The in-depth study of users helps you learn exactly how they think and what is important to them. In the process of analysis, you can discover new aspects that your competitors have missed out or even considered not so important. It is essential to identify the so-called “mental model” which describes the detailed characteristics of users. It is this data that allows developers to understand how people who use their products interact with the software interface.
If you don’t use thought patterns, this can cause difficulties for new users. Using my personal experience, I have identified several criteria that often confuse the customer:
- Gestures, more specifically swiping, dragging, and long pressing;
- Using usernames and passwords where it makes no sense;
- Strange icons, such as a spinning wheel that means a long wait;
- Using the QWERTY keyboard after the traditional numeric keypad on non-touchscreen devices;
- Decorative icons that have no practical use;
- Text boxes for tapping: Buttons and CTA elements that contain only text make it difficult for users to “scan” the text and create problems with understanding the interface.
As a solution to these kinds of problems, I can give the following suggestions:
- The use of additional cues and familiarization materials so that users could better understand how the service works.
- Captions in addition to icons. For example, by adding a description to the wheel symbolizing waiting, you can make sure that the person understands what it means.
- Animated images as an aid to the use of gestures.
- Video tutorials and short lessons.
I also deem it necessary to consider using shaded, circled or tinted buttons for important actions. This will help the user understand and identify which elements are interactive. As practice shows, it is best to integrate this regardless of where the buttons are located: on pages, cards, or dialogs. In this case, it is better to make do with text buttons without additional characters, as they create an unnecessary visual noise.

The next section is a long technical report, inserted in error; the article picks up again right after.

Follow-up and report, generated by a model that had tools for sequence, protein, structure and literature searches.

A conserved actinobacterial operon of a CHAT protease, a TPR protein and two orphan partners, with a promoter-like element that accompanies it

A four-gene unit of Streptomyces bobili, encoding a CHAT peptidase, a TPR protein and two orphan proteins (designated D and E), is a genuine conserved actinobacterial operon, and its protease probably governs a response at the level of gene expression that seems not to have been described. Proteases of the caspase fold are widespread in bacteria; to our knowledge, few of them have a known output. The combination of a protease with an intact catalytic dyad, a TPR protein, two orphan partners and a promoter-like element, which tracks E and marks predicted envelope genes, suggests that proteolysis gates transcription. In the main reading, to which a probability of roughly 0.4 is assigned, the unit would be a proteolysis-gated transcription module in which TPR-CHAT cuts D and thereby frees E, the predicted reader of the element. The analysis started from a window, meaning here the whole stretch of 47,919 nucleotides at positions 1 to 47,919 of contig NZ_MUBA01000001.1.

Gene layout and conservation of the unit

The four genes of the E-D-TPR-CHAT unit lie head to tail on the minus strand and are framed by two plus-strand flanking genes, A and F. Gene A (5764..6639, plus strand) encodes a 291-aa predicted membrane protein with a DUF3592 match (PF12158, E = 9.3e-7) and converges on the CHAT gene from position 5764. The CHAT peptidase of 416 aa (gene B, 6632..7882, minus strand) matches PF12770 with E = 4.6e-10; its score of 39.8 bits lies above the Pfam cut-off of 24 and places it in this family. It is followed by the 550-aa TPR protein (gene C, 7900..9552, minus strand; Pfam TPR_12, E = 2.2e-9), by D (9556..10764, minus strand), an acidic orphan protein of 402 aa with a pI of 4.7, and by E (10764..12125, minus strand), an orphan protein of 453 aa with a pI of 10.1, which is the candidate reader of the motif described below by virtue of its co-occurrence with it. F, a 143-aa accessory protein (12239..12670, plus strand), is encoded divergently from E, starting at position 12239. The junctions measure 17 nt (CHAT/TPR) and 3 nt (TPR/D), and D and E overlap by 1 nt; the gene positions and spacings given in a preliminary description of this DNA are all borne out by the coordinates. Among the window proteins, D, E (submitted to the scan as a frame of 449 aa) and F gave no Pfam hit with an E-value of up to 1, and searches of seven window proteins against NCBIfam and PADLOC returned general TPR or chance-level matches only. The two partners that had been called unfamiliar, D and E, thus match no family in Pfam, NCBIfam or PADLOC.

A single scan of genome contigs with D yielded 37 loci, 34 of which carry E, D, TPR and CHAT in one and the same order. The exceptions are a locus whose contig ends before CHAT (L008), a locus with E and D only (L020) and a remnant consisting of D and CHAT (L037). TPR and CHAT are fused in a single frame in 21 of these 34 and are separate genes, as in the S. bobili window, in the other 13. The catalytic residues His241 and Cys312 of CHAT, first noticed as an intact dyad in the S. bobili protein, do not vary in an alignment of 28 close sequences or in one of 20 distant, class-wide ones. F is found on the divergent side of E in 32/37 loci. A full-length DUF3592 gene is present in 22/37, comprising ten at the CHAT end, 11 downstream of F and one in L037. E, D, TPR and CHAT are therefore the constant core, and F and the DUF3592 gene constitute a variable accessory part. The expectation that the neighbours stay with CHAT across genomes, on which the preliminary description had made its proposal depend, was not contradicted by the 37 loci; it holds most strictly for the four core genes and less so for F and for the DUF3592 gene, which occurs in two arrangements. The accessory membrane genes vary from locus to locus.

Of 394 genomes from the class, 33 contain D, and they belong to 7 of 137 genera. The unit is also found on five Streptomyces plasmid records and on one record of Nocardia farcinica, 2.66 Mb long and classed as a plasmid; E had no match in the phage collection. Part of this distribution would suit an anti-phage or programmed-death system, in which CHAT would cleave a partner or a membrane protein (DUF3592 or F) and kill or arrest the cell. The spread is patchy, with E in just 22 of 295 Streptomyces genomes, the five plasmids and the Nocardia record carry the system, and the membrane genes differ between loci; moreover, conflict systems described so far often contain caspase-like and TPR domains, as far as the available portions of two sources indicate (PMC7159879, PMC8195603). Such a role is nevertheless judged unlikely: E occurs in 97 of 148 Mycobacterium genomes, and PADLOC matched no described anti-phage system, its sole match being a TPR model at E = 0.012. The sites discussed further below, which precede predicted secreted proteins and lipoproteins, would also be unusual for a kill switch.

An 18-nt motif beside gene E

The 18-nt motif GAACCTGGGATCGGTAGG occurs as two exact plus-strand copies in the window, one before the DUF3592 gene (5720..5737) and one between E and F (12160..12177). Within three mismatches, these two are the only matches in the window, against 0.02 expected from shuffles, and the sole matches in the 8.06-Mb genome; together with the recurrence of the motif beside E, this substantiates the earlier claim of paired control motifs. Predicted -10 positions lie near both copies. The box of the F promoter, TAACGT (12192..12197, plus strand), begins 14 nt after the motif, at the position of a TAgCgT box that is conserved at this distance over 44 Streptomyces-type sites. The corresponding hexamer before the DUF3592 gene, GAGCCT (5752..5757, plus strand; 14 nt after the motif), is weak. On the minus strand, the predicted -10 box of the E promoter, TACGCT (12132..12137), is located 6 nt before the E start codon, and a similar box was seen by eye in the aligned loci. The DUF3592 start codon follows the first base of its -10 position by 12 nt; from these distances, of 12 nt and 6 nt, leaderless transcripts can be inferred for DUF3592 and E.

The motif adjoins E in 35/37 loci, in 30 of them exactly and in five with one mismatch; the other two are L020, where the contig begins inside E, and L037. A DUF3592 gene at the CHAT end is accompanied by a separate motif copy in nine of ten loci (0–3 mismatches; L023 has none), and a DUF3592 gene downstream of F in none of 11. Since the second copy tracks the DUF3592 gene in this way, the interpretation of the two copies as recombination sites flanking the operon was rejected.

Along with this, the Floating Action Button (FAB) is an effective way to highlight the most important actions on the screen. Before that, however, users must figure out why the icon exists and what actions it activates. To help them do this, it is worth using an extended FAB which is a combination of an icon and text.
Actions that take up the entire width of the screen should be delimited by horizontal lines. This will help visually distinguish them from other elements on the screen, which is especially relevant for interfaces with a high density of elements and different colors.
Calls to action that include visual information such as backgrounds, icons, colors, or labels also become a kind of helper. It’s a lot easier when these elements stand out among the rest of the content and can guide the customer through the app. Thus, the user is more likely to understand what each action is intended for. If they understand the meaning of the icon, all they have to do is to glance at the text label and use the function.
It is also important to take into account what competitors have done before. The secret to success lies in the study of past experience and the analysis of competitors’ projects. After that, the data obtained is systematized, and the possible options are noted down.
Gamification as a way to retain the user.
Gamification involves applying game dynamics to the mobile app, which encourages customers to return to the app. This approach can lead to an increase in traffic and user interest in the product. If the mobile service interface is implemented correctly, the whole gamification process is based on the principles of human psychology. Using this method, you can get a product that is completely user-centric and makes the customer journey more attractive and understandable.
Game elements create a gaming experience for users, while combining customer engagement with retention. In fact, gamification helps create a mobile app that delivers sustainable customer growth.
When integrating such features, it’s important to make them really interesting, for example, create game tactics, and introduce different challenges and rewards. These techniques influence user behavior and create an engaging experience that encourages them to try the product again.
Gamification can also be used in short-term projects. Such features will be useful when creating promos, at the stage when there is an opportunity to give something to users.
An example of successful gamification implementation can be seen in Todoist Karma. It is a productivity gaming app that measures user progress toward their goals. Its point system ranks and motivates players to achieve their dreams. If tasks are completed, players receive Karma; if not, they lose it. Thus, the user accepts the challenge and is rewarded after overcoming it. The advantage is that players have to achieve their goals again to maintain their status. Failure to handle challenges results in loss of points.